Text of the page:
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MSNBC’s Top 10 National Park Lodges List Draws Curmudgeonly, but Gentle Criticism


That’s the Fairmont Jasper Park Lodge on the far shore of Lac Beauvert in Jasper National Park. The (very expensive) hotel is nice, but the park’s not one of ours. Photo by appaloosa via Flickr.

MSNBC recently published a list that caught my attention. It bears this title: Top 10 National Park Lodges and this subtitle: Sleep in style on a summer escape to our nation's national parks.

As you can imagine, I perused the list with eager anticipation.

Here are the ten parks on MSNBC’s list:

Ahwahnee Hotel (Yosemite National Park, California)
Many Glacier Hotel (Glacier National Park, Montana)
Banff Springs Hotel (Banff National Park, Alberta, Canada)
Big Meadows Lodge (Shenandoah National Park, Virginia)
Jasper Park Lodge (Jasper National Park, Alberta, Canada)
Crater Lake Lodge (Crater Lake National Park, Oregon)
Jenny Lake Lodge (Grand Teton National Park, Wyoming)
El Tovar (Grand Canyon National Park, Arizona])
Cavallo Point ("Golden Gate National Parks", California)
Paradise Inn (Mt. Rainier National Park, Washington)

I couldn’t help but notice that two of the first five lodges listed are not in the United States. This stretches the concept of “our” national parks a tad too far. No wonder the Canadians say we don’t give them enough respect!

I’ve got a bit of a problem with that ninth pick, too -- or rather, the specified location. Perhaps I’m being a tad curmudgeonly, but I feel the need to point out that there is no such place as “Golden Gate National Parks.” That’s the name that San Francisco Bay Area boosters expect the park to have some day, assuming that the “let’s upgrade it” campaign spearheaded by Speaker of the House Nancy Pelosi holds sway in Congress. Meanwhile, it’s still Golden Gate National Recreation Area, just like it has been since October 27, 1972.

These things said, I have to agree that there are some mighty fine park lodges listed here. I’d be interested to know what our Traveler readers think of these choices. Also the prices. Peak season rates at Jenny Lake Lodge, for example, start at $550 a night for two people.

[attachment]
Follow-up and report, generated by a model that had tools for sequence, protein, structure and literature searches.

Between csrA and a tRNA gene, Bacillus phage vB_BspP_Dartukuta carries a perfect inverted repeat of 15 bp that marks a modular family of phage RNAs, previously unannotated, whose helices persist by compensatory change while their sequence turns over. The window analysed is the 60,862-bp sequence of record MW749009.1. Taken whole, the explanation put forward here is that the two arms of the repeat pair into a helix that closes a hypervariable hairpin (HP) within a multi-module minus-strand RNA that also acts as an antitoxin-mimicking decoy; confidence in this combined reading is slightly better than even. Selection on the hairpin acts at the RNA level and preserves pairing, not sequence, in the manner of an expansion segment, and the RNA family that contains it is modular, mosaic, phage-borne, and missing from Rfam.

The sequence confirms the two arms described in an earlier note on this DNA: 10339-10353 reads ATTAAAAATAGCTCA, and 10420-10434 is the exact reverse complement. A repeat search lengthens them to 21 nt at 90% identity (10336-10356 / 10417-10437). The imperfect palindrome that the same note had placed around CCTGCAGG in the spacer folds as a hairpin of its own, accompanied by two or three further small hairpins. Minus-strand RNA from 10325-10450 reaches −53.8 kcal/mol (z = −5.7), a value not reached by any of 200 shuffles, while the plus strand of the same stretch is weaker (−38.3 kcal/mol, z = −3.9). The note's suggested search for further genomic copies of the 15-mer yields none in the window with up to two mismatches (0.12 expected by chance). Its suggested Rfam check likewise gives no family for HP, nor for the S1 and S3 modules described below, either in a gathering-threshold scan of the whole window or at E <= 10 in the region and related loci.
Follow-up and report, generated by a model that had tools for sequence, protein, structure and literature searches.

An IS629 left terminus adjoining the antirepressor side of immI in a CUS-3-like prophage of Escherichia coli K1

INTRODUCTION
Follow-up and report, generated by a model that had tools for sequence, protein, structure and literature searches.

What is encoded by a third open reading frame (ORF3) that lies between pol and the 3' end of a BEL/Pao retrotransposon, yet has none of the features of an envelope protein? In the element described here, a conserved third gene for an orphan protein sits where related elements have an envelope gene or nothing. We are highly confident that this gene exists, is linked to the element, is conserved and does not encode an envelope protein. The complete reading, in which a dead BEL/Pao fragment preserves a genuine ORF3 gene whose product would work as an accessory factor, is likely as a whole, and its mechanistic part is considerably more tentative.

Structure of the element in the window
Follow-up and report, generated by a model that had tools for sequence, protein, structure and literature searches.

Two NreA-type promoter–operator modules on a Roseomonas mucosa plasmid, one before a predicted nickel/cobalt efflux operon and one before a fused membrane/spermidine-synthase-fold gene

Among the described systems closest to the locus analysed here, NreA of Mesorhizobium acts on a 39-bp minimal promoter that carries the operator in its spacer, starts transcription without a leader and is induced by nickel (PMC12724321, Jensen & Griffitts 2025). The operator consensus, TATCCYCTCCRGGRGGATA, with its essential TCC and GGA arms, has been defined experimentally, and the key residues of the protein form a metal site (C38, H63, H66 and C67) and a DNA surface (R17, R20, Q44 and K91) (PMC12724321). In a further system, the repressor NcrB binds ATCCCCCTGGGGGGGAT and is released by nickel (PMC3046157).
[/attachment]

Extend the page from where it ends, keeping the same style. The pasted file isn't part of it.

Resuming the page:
Disheartened, but not dissuaded, I will continue my quest for the perfect national parks lodge list.


To be fair to the writer, it's in the "US and Canada" travel section. Looks to me like whoever wrote the headline didn't read the whole thing.

I'm from the USA and oddly enough, the only two lodges on the list that I've stayed in are the Canadian ones. Although both were great experiences, Banff Springs Hotel is in town and doesn't really feel like it's in a national park. Jasper Lake Lodge is one of my favorites. High on my "to do next" list are Many Glacier Hotel, Crater Lake Lodge and Paradise Inn. I agree with you, though, the rates are a bit intimidating. So, what makes the perfect national parks lodge list? What parameters would you include?

I agree that including Canadian parks is cheating. And no lodges from Yellowstone? As for Cavallo Point: I know this is an adapted use of Fort Baker buildings, but why was it allowed? The concessions laws say that the NPS should not have concession operations where the service or merchandise can reasonably be secured outside the park. There is no shortage of hotel rooms in San Francisco. For years, people have approached Cabrillo National Monument with proposals to build a hotel or restaurant there. There can be little doubt that with its spectacular view of San Diego, such a place would be a financial hit. But, there is no way to justify such a concession at the park. Sure, Golden Gate NRA wanted to find a way to preserve the historic buildings at Fort Baker, but why a commerical lodging business? I think this website has previously noted the many odd workings of GGNRA - is it a national park or a government/private sector land management enterprise? Good question.